^Bittersweet beginnings of Mother's Day: Anna Jarvis invented Mother's Day in 1908. She copyrighted the name, petitioned Congress and fought hard to get a national holiday so that all mother's could get recognition, as a tribute to who own mother, who had just died.
After about 9 years of spreading it far and wide across the United States, getting it official in 1914 when Woodrow Wilson signed it into Law, and afterwards for the rest of her life, she deeply regretted it because it became a yearly commercial event and had become the cause of some fighting and competition in families, as early newspaper reports show. She felt to blame. The Hallmark company (known as Hall Brothers at the time), founded in 1910, who was one of the first companies to recognize the power of licensing (they signed a license with Walt Disney in 1922 for example, when Walt Disney Company was rather young), was instrumental in the creation of the modern day form of Mother's Day.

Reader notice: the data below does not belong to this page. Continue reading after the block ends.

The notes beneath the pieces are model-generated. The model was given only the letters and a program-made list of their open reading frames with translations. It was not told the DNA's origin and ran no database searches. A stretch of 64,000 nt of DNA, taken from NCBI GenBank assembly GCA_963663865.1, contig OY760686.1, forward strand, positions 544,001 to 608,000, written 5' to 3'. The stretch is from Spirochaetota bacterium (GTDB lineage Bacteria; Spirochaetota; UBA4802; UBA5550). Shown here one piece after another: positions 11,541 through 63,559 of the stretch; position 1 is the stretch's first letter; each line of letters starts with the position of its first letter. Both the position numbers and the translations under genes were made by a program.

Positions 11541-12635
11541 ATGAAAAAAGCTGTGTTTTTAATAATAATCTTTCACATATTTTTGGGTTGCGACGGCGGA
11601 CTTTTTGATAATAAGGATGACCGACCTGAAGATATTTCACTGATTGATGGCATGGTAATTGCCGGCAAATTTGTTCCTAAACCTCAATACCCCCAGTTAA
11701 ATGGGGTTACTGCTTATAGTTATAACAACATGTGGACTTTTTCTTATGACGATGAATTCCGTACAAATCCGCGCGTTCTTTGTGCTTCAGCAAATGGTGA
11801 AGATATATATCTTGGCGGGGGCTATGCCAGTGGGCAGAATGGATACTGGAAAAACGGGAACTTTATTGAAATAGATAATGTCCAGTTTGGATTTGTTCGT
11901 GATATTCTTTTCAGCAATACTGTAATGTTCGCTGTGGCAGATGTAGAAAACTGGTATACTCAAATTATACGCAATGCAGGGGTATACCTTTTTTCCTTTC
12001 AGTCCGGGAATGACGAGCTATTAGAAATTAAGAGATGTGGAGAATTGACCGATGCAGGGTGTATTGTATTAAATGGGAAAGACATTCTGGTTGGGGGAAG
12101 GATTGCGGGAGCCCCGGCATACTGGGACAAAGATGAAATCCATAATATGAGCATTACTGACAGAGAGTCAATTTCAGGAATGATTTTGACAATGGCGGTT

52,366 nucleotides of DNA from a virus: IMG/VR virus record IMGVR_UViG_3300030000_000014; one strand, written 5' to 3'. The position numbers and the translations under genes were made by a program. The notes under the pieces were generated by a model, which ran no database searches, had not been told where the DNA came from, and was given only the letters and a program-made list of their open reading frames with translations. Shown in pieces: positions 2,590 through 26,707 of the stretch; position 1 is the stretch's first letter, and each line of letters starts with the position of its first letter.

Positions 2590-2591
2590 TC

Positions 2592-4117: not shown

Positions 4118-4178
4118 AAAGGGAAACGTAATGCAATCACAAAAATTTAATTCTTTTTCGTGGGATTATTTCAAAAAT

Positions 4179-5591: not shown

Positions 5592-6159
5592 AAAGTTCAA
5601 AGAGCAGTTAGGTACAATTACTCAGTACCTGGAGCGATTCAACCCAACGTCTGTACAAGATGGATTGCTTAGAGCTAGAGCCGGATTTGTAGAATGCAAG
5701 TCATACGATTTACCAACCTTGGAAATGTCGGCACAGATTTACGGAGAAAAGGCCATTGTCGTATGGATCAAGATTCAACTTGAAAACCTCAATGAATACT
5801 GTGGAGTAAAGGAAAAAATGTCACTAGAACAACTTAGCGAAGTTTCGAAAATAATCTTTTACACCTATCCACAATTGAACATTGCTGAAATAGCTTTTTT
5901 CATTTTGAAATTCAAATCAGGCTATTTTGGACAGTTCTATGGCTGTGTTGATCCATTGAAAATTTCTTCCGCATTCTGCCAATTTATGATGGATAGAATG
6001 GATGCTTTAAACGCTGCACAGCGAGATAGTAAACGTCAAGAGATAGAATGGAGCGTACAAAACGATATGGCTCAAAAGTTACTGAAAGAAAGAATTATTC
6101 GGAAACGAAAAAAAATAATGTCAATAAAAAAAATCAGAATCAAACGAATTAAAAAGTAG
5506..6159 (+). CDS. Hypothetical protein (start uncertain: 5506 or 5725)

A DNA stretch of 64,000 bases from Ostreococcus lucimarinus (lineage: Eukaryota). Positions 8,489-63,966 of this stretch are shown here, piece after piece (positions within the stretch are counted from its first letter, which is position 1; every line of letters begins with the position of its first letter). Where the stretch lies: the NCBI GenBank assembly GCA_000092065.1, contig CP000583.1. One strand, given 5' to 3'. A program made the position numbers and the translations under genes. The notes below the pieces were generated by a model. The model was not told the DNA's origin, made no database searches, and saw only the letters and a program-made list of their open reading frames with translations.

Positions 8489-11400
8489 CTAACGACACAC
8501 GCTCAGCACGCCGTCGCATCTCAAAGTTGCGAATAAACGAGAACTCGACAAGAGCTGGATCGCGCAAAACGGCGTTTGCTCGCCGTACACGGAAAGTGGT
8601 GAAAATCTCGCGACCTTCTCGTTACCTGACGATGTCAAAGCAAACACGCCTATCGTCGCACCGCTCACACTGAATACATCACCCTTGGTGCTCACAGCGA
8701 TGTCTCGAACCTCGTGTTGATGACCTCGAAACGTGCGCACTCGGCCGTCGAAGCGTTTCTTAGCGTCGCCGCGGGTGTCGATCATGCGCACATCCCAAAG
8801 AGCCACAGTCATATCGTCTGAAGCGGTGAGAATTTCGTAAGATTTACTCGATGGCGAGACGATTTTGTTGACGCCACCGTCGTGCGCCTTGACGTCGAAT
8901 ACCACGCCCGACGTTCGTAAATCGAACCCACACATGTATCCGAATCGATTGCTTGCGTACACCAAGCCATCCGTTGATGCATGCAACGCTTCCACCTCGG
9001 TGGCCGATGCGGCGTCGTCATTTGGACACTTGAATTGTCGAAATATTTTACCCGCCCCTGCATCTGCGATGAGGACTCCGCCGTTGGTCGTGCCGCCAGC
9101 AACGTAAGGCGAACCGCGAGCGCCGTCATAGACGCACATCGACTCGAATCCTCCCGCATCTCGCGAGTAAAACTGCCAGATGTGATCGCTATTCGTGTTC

These are historical events and have little resemblance to the sentiment expressed on Mother's Day. I just found them interesting and wanted to share. All that being said,
Happy Mother's Day to Mom and all Mothers, Grandmothers, Great Grandmothers, Aunts, Sisters and Women – and to the Men who play the Role of Mother. (Father's Day doesn't have the same "umph" to match their contributions).
You deserve it and despite the shaky and bittersweet beginnings of Mother's Day it nevertheless gives a way for kids everywhere to stop and say, "Yes, Mom, I do care. Thanks."^